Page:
Author discusses writing what you don't know


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As Jim Heynen sat at a table toward the back of Capanna Coffee with a cup of black coffee in front of him, he stared out a window facing a playground on which children hurriedly climbed up the stairs of the jungle gym.

"There's a story everywhere," the author said.

As a part of the Eleventh Hour, Heynen, who graduated from the University of Iowa in 1968, will host a session titled "Write What You Don't Know About" at 11 a.m. today in 101 Biology Building East.

The session focuses on the idea that writers should write what they know about, but they should also expand their knowledge of the situations they focus on.

The expansion of knowledge comes from writers' natural instinct to rebel against the rules of what is known, Heynen told The Daily Iowan.

"Whenever a rule gets cast in stone, it behooves the creative writer to say this seems to be too much of an absolute rule," he said. "The problem, if you take it as an absolute rule, is it can lead you down the dead end of memory."

One example Heynen gave of an author using this method is Stephen Crane, the author of The Red Badge of Courage: an episode of the American Civil War. Crane had never been in the Civil War (he was born six years after it ended), but he had gone beyond his experiences on the football field in order to come up with the emotions needed to make the story realistic.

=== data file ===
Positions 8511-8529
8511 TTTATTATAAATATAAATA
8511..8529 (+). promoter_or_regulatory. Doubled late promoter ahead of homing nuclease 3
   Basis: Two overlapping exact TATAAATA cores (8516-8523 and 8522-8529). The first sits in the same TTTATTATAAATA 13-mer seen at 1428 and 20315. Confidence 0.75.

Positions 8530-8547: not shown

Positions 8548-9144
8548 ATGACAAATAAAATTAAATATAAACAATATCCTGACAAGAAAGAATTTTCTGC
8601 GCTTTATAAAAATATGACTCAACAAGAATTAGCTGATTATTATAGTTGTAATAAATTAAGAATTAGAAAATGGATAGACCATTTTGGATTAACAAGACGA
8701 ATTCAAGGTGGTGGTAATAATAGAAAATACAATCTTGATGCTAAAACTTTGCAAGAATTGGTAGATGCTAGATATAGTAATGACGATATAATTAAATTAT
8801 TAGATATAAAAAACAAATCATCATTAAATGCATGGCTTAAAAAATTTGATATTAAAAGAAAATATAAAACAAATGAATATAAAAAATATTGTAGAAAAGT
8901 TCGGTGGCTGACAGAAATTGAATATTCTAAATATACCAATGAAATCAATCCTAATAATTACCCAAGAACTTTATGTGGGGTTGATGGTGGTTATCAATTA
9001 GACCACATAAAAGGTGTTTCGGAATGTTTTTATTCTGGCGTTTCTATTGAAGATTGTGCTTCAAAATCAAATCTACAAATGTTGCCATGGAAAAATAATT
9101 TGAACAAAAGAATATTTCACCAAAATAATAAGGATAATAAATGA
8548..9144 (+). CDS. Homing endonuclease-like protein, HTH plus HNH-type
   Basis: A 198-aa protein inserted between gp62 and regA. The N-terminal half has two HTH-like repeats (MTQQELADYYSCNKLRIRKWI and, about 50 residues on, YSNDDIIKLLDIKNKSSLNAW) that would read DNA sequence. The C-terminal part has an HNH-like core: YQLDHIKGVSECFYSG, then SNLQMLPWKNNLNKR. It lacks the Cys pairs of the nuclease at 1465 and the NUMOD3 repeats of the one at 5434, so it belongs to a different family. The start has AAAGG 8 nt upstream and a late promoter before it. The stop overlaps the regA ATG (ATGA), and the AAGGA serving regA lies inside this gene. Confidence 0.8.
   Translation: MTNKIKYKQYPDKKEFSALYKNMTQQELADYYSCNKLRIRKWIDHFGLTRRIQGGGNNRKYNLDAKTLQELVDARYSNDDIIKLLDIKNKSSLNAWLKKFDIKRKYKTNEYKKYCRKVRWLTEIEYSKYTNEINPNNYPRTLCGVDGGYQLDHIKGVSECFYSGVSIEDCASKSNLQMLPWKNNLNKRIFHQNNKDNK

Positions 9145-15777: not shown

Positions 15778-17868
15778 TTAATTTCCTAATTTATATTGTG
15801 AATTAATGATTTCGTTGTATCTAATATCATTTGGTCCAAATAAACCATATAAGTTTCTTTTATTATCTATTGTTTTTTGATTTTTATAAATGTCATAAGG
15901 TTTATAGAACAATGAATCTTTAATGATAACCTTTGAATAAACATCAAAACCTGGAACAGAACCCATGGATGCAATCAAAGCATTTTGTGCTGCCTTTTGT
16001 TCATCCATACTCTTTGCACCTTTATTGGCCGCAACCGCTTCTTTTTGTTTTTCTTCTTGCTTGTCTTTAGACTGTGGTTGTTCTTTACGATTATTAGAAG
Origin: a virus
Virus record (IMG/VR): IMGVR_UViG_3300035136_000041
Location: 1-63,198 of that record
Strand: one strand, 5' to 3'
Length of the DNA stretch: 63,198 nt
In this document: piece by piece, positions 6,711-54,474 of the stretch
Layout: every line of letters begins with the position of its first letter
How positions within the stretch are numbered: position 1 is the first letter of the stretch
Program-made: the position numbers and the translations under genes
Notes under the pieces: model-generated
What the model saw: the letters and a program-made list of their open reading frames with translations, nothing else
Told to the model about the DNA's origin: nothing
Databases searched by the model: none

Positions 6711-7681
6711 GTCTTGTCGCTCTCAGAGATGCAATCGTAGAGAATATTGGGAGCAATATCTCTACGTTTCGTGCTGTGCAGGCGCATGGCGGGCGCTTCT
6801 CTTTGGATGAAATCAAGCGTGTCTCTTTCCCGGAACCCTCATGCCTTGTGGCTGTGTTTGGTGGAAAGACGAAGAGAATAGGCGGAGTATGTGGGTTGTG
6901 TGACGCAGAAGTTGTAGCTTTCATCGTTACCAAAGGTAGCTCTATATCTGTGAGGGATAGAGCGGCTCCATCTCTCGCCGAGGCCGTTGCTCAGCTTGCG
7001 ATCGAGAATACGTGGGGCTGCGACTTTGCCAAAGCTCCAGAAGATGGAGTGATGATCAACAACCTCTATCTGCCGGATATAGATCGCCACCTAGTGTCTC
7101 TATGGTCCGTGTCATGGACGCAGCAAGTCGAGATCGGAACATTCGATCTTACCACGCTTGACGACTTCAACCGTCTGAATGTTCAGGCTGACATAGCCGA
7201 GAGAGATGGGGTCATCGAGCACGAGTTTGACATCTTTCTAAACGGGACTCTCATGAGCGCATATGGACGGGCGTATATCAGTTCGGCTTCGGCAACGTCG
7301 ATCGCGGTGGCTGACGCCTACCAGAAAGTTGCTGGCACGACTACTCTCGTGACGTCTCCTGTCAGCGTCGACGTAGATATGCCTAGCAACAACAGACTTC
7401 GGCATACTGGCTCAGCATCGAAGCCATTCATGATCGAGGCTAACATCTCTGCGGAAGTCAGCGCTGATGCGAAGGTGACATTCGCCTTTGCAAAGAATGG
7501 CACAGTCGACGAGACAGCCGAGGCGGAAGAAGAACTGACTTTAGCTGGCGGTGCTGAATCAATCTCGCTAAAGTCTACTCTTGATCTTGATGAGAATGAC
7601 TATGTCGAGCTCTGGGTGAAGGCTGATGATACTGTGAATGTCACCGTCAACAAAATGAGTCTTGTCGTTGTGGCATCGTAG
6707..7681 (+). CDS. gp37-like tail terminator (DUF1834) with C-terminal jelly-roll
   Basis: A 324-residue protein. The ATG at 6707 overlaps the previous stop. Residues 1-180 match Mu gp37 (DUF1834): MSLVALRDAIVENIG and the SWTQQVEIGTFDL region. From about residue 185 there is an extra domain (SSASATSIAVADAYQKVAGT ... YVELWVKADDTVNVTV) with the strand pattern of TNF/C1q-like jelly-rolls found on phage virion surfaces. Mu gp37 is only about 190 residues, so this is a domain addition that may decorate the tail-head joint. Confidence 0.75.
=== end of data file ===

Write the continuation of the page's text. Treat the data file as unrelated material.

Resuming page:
"He remembered being humiliated in football," he said. "I'm glad he didn't write about high-school football. He went along with a story that is about dishonor. He went into the unknown about Civil War battle."

Heynen, who has written 22 novels, stories, and books of poetry, said going into the unknown is what makes a story that much better for a reader.

"When you write only about the 'know,' you can make the assumption that just because it happened, it's going to be interesting," he said. "That's a false assumption. It becomes part of the craft to make what is familiar to you come alive for the reader."

UI English Professor Bonnie Sunstein agrees.

"Even when you start with what you know, you need to add the dimensions of reflection and research and combine all those into some sort of a universal message or universal idea for a reader, because why would a reader want to read it otherwise," said Sunstein, who has been teaching for 43 years.

UI nonfiction writing Associate Professor Jeff Porter, said he also practices going beyond what he knows about a topic.

"As a writer, I myself like to push far beyond what I know," he said. "If only because my greatest fear is not the apocalypse but boredom — or worse banality."

Heynen said he hopes the participants in the session will begin to ask more questions before writing.

"Say it's a participant who is getting older and doesn't know what it's like to get really old and wonders what is would be like to be over 100," he said. "That it will open up questions and possibilities."

And if there was one piece of advice Heynen could give to writers, he said it would be simple.

"Don't blame anyone else for what is happening in your writing life," he said.

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